Supplier segmentation: How can SRP optimise the management of your supplier relationships?

December 14th, 2023
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Suppliers are central to the long-term performance and success of any company. Given the increasing complexity of global supply chains, it seems essential to adopt effective supplier relationship management. This is the responsibility of the Procurement Department and involves setting up an SRP (Supplier Relationship Portal) based on supplier segmentation.

Supplier segmentation to initiate the approach

Any SRP (Supplier Relationship Portal) approach starts with supplier segmentation. This involves sorting a company’s supplier portfolio into categories (or segments) based on their level of criticality and financial impact on the company. Each category is then assigned a tailored strategy.

A supplier classification method that is particularly widespread in the world of procurement is the Kraljic matrix. Companies can segment their suppliers into different categories: Strategic suppliers, preferred suppliers, developing suppliers, probationary suppliers, local suppliers, dormant suppliers, potential suppliers, etc. This is how companies build up their supplier panel.

What is a supplier panel?
This refers to all the suppliers that have been selected, listed and grouped according to their purchasing categories or types by an organisation. According to Pareto’s law, head, mid tail and long tail spend represent 5, 10 and 75% of companies’ supplier panels respectively.
The real value of such a mapping lies in the approach the company is going to adopt next, as part of the implementation of its SRP. Each supplier category should then be assigned a defined strategy with specific objectives for growth and processes.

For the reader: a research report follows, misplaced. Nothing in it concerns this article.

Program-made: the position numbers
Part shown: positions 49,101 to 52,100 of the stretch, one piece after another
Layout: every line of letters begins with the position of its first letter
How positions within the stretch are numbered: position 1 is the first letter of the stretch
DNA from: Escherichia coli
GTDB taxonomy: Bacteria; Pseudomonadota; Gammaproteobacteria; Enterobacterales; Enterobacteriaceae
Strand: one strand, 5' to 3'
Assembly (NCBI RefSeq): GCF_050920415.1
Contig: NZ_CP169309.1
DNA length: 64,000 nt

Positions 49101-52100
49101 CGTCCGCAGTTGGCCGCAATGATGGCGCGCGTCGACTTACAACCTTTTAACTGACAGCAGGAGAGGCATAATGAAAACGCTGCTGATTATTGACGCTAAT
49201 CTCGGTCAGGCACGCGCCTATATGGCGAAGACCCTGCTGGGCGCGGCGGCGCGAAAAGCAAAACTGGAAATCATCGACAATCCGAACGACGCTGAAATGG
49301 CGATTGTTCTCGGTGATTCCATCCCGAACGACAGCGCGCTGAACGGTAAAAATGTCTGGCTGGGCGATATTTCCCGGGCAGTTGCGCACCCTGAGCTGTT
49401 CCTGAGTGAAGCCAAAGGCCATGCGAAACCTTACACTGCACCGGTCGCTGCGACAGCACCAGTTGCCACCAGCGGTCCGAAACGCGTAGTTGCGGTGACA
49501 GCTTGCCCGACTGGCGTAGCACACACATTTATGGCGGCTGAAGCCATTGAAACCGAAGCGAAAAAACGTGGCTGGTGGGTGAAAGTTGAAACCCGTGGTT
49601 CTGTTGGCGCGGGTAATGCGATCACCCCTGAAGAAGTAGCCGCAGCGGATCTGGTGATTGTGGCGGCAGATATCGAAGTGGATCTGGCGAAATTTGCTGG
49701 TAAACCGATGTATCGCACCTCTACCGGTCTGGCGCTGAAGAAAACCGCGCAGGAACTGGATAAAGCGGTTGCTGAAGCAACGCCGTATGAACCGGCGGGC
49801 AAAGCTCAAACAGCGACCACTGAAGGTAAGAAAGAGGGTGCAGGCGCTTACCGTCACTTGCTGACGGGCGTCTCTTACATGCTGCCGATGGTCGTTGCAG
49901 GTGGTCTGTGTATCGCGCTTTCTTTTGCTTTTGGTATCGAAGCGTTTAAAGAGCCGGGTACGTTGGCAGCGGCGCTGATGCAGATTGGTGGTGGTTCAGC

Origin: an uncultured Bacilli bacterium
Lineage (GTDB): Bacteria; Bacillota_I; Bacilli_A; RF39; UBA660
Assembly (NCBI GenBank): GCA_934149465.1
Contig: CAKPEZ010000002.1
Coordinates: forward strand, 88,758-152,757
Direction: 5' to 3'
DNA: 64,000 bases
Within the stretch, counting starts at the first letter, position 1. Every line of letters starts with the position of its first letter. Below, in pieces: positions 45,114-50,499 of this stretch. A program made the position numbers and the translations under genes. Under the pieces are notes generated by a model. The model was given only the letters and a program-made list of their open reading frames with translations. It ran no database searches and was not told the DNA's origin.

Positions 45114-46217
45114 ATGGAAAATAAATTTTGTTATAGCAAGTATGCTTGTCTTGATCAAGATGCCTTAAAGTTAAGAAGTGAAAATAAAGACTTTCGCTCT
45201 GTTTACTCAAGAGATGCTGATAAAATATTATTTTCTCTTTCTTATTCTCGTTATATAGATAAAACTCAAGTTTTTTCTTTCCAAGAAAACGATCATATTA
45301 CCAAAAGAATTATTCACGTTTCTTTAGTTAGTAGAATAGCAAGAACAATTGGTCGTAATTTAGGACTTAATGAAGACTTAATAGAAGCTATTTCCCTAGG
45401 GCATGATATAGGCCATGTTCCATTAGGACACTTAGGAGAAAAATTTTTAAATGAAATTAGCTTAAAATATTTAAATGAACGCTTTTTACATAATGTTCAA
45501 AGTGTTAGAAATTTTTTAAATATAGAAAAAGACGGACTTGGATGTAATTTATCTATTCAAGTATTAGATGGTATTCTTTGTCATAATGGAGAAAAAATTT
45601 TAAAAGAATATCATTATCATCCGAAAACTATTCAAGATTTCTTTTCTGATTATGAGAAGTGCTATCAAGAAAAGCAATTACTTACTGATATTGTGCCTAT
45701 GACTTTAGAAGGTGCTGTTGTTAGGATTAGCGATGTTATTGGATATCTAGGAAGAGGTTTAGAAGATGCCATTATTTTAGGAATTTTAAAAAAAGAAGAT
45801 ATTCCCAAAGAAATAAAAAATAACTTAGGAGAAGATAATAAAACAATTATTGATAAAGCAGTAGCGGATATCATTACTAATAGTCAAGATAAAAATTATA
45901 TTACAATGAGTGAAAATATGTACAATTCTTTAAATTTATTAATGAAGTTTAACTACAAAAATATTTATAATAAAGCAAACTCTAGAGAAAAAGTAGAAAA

Setting up an SRP in three phases

After a supplier segmentation phase, procurement departments focus on implementing the SRP. This technology aims to manage and develop long-term relationships with suppliers in a "win-win" perspective. Each party wants to achieve its commercial objectives, in line with its overall strategy. To achieve this, any SRP relies on three essentials.

1. A governance framework

To structure the framework governing supplier relationships, it is advisable to appoint someone responsible for day-to-day supplier management, as well as the various parties involved in the company’s operations (internal users, management, etc.).

2. Key performance indicators

Then, it is important to define parameters to measure the success of each supplier relationship. Key performance indicators vary according to supplier categories. They may include lead times, savings, compliance rate, etc.

3. A clearly defined strategy

Finally, it involves defining a procurement strategy tailored to each supplier category. In other words, companies can maximise the added value of their strategic suppliers, minimise the risks associated with critical suppliers and limit the costs of purely transactional suppliers.

Here are some detailed examples: